For a little vignette of the follies of US intervention, let me quote from a recent eyewitness report by Philip Smucker of a US patrol in eastern Afghanistan, published in the McClatchy papers on April 2:
“It took the 10th Mountain soldiers nearly two hours to make a descent that usually takes Afghans 20 minutes. Each Combat Company soldier carried between 80 and 130 pounds on his back. Inexperienced Afghan soldiers, unsure of the route, caused further delays, losing their way and threatening to gun down an unarmed shepherd.”
Up to 130 pounds on your back in the Hindu Kush! Shades of SLA Marshall’s studies of US Marines on D-Day drowning in a couple of feet of water, pinioned under the weight of their vastly overloaded knapsacks. No wonder the Pentagon prefers to fire off Predators or bomb wedding parties from a safe height.
THE STATE STOLE MY TRUCK (Part 7)
Part Seven: Mendo Madness
Thursday, November 21st, 2013. Down to Ukiah to get a court order to Release Private Property. What does “Walk-In” (court) mean to anyone? After about 30 minutes of watching several people kowtowing to the Corp. Court, and the Bailiff Officer walking around and chewing gum! We, my daughter and me, went downstairs to the Court File Clerk’s window. After explaining to a guy my purpose in being there, he goes off and returns with my file. He looks it over and tells me to go down to the next floor to the DA’s office — huh? I tell the lady behind the glass that my personal property is being held and I want it released. She asked me if a warrant issued? “No.” She hands me a paper form to fill-in. Done. I returned it to her. She goes to her computer and types in the NAME, wads up the paper I just filled-in, and tells me that I plead guilty and a penalty (TAX) amount… “Stop! That is not correct, it was Dismissed.” She wanders around and finds someone else to ask. Then she comes back, opens the door, and tells me that she’s going to ask the DA. She returns and goes back to her desk. A DA Assistant comes in the room, and with his eyes nearly closed, tells me that it was Dismissed, puts both hands up and back down, then turns and leaves. Back upstairs to the Court File Clerk’s window, the guy is gone, and I repeat to a lady file clerk why I’m there. She goes off looking for my file. I mentioned that it might be where the guy file clerk sits or downstairs in the DA’s office. She said, “No it’s not downstairs, we have our own files up here.” She returns with my file, looks it over, and starts highlighting a paper form where I’m to sign, and writing in times, dates, and case numbers. I fill-in the appropriate information, attach my Declaration and proceed upstairs to the law library to make copies. Back down stairs to the same lady, I hand her the original, take a copy downstairs to the DA’s office, and one copy for me. A Dec. 2nd “court” date is set to obtain a court ordered Release of Personal Property.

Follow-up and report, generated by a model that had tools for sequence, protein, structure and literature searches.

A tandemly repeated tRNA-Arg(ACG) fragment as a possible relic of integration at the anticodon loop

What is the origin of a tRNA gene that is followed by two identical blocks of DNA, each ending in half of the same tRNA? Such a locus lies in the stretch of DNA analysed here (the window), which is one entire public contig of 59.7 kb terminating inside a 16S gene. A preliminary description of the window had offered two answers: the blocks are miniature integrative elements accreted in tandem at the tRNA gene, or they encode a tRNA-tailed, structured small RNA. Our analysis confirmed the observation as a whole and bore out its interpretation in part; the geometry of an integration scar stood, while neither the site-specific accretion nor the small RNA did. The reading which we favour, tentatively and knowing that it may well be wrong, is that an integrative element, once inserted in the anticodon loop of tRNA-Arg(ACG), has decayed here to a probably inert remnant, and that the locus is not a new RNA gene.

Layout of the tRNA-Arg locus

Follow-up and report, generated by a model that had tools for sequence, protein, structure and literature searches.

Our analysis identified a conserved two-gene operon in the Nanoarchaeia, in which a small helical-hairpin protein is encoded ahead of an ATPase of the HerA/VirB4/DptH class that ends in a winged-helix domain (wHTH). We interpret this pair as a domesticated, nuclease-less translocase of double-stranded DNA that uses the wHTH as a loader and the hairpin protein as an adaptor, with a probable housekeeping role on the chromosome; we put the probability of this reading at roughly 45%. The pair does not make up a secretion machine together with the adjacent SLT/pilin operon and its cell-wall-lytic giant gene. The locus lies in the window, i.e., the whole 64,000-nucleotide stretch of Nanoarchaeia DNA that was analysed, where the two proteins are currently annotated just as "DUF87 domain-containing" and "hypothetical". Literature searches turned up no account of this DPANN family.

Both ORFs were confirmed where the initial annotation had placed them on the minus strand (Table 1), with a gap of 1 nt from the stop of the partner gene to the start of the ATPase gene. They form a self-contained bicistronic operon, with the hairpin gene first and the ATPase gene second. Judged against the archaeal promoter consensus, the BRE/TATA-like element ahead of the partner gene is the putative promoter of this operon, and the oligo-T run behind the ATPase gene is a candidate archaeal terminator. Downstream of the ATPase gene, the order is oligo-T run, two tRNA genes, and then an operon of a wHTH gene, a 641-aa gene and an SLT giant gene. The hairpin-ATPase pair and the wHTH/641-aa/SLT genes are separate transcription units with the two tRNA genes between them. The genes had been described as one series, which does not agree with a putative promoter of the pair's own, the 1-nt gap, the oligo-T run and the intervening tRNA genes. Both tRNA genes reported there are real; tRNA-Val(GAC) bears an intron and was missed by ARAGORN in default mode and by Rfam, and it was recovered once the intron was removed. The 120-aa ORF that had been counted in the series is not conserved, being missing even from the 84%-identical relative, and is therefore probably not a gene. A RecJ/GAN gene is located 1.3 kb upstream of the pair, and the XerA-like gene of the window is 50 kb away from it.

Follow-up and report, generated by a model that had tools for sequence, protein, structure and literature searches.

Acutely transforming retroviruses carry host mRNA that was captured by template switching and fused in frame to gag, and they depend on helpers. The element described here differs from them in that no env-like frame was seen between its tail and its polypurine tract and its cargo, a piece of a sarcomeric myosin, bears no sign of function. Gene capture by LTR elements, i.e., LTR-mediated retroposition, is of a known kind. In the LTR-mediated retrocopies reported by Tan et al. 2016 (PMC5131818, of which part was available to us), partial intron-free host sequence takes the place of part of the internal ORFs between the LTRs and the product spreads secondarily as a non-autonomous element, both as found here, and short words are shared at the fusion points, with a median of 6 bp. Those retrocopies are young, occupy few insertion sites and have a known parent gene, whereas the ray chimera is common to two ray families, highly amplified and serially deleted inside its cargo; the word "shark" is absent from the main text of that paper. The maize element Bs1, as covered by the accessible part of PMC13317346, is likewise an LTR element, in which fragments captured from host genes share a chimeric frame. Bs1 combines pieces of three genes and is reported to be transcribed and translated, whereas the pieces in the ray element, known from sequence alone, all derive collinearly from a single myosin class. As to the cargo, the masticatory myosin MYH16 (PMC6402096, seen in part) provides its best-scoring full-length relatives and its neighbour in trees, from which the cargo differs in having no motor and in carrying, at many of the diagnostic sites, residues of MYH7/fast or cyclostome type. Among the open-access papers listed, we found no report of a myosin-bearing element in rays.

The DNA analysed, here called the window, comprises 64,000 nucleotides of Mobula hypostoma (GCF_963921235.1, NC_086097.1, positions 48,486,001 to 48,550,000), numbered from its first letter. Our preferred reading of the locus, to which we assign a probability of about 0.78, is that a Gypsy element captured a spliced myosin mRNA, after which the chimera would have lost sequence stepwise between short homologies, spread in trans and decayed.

The smell of malicious prosecution in the DA’s office was strong. Not to mention that the DA enters whatever he wants into the computers in his office! Psychological liars all around! How much longer til the system falls in on itself?
Declaration: I want to mention that the closed mills stacks of dead trees (36 & 101) are all much larger than three weeks ago. The many, many, many large pallets of milled 4 x 8’s at Scotia are also growing in number. The large neon orange “Share the Road” bicycle signs that were so prevalent on 36 and 101 from Aug. thru Oct. have been removed. How much did those ridiculous signs cost Californians? How much were the busy highway crews paid to install them just to remove them a few months later? Where are they stored? Are they stored? Can we get a refund? Are bicycles a target in the winter and spring months?
(From http://forestqueen2020.wordpress.com/2013/11/04/the-state-stole-my-truck/ where the first six installments of this story can be found.)